So what Britain has done by “Brexiting” is default itself from EU member-state back to EEA member-state, where it was before agreeing to join the EU (for supposed additional benefits). Britain may now, legally, carry any complaints it may have, or come to have, to the EEA Commission, itself, instead of passing them to the EU Commission. Note that in any EEA Court action the EEA Court’s decision is controlling: An EEA Court decision controls the EU; the EU cannot gainsay an EEA Court decision. For particulars look up the 2012 EEA Commission v. Iceland case, in which the Britain and Holland, two EU states, sought to have the Republic of Iceland (the people of Iceland) assume responsibility for debts incurred by two private Iceland-based international banks, and by Britain and Holland for banking officials and public officials in those two EU nations collapsing the two banks triggering their own national depositor-relief systems. The case was mixed-up fun, because Britain and Holland each complained to the EEA Commission as if they each were sovereign nations (bypassing the EU they were members of), and the EEA Commissioners, contrary to the EEA Agreement, accepted the complaints. The result would have been a moot decision (if any decision at all) for the complaints being without standing, so the EU had to jump in and adopt its two wayward members’ complaints, to make them legal. The EEA Court, bending over backward to show absolute fairness, let all irregularities go by, including Britain and Holland filing briefs as if sovereign nations (the EU asked permission for its EU Commission to enter the court, which was granted, and so caught up with its wayward, and froward, member states to make things legal) and then ruled, as international sovereignty required, that the people of Iceland, Iceland, not being an EU member-state, could make their own decisions, and their decisions controlled their nation in international relations. Britain, Holland and at least some of the EU Commissioners, and other EU officials, pitched fits, but what could they do? The EEA Court had the jurisdiction and had made its decision.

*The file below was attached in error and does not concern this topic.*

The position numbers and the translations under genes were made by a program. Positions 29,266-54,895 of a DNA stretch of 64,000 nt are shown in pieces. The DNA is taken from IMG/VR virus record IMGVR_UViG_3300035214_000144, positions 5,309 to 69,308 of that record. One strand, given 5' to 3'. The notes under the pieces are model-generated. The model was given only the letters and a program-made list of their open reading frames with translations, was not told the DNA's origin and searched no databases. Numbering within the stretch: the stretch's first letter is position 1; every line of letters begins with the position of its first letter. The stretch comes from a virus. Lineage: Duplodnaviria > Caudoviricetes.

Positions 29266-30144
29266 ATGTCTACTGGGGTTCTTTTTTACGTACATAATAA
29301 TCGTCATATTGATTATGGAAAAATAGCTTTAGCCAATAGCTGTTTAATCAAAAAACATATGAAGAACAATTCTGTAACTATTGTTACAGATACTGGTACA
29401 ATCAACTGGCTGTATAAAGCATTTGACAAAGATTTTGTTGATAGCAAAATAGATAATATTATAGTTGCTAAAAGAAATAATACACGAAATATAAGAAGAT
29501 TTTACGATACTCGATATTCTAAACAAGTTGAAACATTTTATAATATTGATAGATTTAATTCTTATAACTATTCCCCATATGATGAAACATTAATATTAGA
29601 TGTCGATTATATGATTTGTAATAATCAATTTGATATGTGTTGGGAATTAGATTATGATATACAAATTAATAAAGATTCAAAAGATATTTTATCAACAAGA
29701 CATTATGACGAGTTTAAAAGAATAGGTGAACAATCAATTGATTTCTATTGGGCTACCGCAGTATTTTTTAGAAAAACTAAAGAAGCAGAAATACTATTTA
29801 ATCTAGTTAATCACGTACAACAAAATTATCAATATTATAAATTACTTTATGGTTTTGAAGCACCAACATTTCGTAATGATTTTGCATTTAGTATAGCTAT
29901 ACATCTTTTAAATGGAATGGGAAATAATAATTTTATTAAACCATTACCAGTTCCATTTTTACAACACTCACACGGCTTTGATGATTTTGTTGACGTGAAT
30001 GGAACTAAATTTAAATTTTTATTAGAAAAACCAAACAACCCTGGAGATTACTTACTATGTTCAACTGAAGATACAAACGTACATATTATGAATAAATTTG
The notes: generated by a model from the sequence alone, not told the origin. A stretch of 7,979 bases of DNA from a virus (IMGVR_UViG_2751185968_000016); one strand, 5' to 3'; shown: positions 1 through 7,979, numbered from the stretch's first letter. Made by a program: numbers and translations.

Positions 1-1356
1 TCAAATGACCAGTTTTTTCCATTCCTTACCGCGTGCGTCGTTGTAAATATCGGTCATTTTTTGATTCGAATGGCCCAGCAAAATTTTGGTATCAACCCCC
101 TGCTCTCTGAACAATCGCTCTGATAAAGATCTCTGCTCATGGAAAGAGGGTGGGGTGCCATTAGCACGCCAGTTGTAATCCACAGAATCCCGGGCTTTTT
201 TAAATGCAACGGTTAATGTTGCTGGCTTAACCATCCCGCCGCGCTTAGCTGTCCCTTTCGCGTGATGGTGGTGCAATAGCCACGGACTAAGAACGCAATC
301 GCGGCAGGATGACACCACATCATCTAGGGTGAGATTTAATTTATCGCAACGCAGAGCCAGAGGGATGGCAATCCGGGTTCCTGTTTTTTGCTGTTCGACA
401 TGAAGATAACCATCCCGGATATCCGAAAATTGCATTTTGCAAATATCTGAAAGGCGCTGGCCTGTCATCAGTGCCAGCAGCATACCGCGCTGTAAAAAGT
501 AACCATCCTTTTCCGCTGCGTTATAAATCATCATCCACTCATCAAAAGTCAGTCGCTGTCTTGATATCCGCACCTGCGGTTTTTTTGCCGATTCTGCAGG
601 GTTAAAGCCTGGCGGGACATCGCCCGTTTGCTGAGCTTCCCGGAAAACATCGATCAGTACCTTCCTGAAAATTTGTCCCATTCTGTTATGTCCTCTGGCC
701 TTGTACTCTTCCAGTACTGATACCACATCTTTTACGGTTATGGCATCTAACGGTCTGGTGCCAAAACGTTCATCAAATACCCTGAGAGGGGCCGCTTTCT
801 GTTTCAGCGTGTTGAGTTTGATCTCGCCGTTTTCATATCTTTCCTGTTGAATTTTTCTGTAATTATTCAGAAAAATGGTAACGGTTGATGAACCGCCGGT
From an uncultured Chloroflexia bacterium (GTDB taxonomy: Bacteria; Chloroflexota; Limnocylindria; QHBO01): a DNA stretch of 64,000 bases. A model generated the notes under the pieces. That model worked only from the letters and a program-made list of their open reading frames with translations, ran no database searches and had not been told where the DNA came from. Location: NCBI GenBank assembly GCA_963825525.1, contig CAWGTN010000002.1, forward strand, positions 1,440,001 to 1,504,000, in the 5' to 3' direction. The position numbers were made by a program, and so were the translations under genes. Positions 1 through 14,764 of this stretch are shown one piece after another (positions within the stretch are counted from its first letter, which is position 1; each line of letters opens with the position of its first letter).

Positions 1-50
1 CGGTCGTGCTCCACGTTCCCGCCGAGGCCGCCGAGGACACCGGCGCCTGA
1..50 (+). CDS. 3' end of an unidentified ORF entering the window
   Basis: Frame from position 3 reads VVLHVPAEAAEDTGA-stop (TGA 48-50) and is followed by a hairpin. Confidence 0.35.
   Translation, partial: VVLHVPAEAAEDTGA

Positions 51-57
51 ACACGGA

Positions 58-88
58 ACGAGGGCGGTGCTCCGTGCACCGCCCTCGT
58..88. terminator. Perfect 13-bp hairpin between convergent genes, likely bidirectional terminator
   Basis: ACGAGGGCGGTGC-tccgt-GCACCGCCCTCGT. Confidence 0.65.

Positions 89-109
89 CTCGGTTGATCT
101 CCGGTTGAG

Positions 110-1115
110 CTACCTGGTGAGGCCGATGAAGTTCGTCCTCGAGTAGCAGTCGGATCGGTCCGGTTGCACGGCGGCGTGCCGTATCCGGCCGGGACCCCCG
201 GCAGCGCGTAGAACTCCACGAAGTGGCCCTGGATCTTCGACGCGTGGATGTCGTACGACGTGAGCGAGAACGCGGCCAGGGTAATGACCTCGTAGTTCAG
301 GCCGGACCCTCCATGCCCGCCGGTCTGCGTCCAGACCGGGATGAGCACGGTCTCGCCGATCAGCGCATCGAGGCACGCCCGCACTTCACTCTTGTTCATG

The EU Article 50 provision provides Britain two years to re-write contracts Britain may have with the EU and EU nations, that might require rewriting in result of Britain’s change in status, so the contracts correctly reflect the new relationship between Britain, a Sovereign Nation, and the EU Federation, or EU subsidiary EU member-nations. The contracts remain in effect for the two years, of course, the British decision to “descend” not effecting international law of contract.